Ironically, almost nothing about Flat White is flat, other than the name (and, thankfully, the floor of the shop). There’s an abundance of outside seating, occupying every level and approximately-level surface, starting with a pair of two-person wooden tables on the right-hand side of the lane, while directly opposite the door, on the other side of the lane, there’s a small niche in the railings, home to a bench and coffee table.

Flat White Café is in an old stone and brick building. A central door is flanked by two narrow windows, with an L-shaped bench around a square table under the left-hand window. To the right, under the other window, is a four-person table, with two, two-person tables to the right of that against the steps up to Osbournes.

Inside, it’s long and thin, a cosy, bustling spot. Most of the seating’s on the right, while on the left, the counter, which starts one-third of the way back, dominates, leaving room for a long bench against the left-hand wall between it and the window, home to two four-person tables. On the right, another bench has three four-person tables, followed by a pair of two-person tables as the counter takes over.

The last of the four-person tables creates a real pinch-point, with just enough room for a single person to get by. Sadly, the till’s at the back of the counter, so everyone has to squeeze past to order, then make their way back to their seats. It’s also right next to the espresso machine and therefore the natural place to wait for takeaway coffee.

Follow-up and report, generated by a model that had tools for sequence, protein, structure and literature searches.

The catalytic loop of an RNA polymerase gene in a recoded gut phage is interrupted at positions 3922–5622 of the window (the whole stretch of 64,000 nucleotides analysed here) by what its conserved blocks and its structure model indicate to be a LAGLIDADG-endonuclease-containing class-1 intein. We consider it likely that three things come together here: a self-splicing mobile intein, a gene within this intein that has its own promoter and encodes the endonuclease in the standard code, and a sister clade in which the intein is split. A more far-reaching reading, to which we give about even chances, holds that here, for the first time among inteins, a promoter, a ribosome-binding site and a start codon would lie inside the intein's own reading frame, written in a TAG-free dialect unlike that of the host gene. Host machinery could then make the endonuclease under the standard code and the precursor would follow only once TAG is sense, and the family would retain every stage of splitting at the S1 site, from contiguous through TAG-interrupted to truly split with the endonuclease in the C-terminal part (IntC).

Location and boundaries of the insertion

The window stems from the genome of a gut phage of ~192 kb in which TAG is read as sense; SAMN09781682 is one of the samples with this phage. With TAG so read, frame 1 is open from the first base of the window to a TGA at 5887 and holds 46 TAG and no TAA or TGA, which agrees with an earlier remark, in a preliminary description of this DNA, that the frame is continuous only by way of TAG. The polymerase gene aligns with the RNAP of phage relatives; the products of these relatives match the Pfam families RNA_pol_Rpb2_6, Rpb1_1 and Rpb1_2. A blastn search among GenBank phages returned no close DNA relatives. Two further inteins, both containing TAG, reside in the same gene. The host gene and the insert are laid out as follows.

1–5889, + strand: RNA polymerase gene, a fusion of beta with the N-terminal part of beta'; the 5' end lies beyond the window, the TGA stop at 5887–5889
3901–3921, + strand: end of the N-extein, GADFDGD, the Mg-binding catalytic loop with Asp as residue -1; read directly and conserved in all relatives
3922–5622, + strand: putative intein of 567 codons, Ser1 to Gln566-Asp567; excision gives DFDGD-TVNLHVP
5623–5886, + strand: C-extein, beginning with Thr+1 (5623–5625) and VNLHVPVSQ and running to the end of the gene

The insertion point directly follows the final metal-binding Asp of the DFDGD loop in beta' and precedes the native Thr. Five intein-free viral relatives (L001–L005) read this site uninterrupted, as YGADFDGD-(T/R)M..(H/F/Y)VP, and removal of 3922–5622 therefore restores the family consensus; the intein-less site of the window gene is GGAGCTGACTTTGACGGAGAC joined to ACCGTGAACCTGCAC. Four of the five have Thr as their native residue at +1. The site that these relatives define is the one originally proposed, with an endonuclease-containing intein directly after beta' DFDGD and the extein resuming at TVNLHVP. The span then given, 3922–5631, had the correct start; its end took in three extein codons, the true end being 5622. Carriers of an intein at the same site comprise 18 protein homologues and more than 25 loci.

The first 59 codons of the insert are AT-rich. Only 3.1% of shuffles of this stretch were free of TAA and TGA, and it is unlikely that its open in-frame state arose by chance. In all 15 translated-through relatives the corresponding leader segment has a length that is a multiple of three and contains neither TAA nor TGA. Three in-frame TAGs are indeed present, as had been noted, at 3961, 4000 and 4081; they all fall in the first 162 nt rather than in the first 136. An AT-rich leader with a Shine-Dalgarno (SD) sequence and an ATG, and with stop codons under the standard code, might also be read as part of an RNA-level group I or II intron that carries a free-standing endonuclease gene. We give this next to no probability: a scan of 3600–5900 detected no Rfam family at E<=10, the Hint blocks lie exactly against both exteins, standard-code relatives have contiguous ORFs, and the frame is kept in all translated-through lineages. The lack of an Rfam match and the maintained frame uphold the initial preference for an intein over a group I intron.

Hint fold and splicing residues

Flat White serves Ouseburn Coffee Co’s Foundry No. 2 blend on espresso, with a guest from Workshop on the second grinder. This changes as-and-when they go through whatever’s currently on, but you have to know to ask if you want the guest, which is also joined by a decaf from Workshop.

I’d come for breakfast, so had the sourdough toast, two slices of rather lovely crunchy toast with a pot of jam. And, of course, I had to have a flat white. This was quite lovely, the coffee going very well with the milk, forming a rich, creamy flat white, the ideal way to start my day. Once I’d finished up at the café, I popped up to Flat White Kitchen, where they were still queuing (but inside the door this time) at 11:30. I stood at the counter (as one should) for a quick espresso of the Foundry No. 2, a rich, complex coffee with a great mouthfeel.

And then it was back to the station and back on my train.

21A ELVET BRIDGE • DURHAM • DH1 3AA
https://flatwhitekitchen.com +44 (0) 7936 449291
Monday 09:00 – 17:00 Roaster OCC + Workshop (espresso only)
Tuesday 09:00 – 17:00 Seating Tables, Tables (outside)
Wednesday 09:00 – 17:00 Food Breakfast, Lunch, Cake
Thursday 09:00 – 17:00 Service Order at Counter
Friday 09:00 – 17:00 Cards Amex, Mastercard, Visa
Saturday 09:00 – 17:00 Wifi No
Sunday 10:00 – 16:00 Power No
Chain Local Visits 21st June 2018

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  1. Pingback: Alchemy Café | Brian's Coffee Spot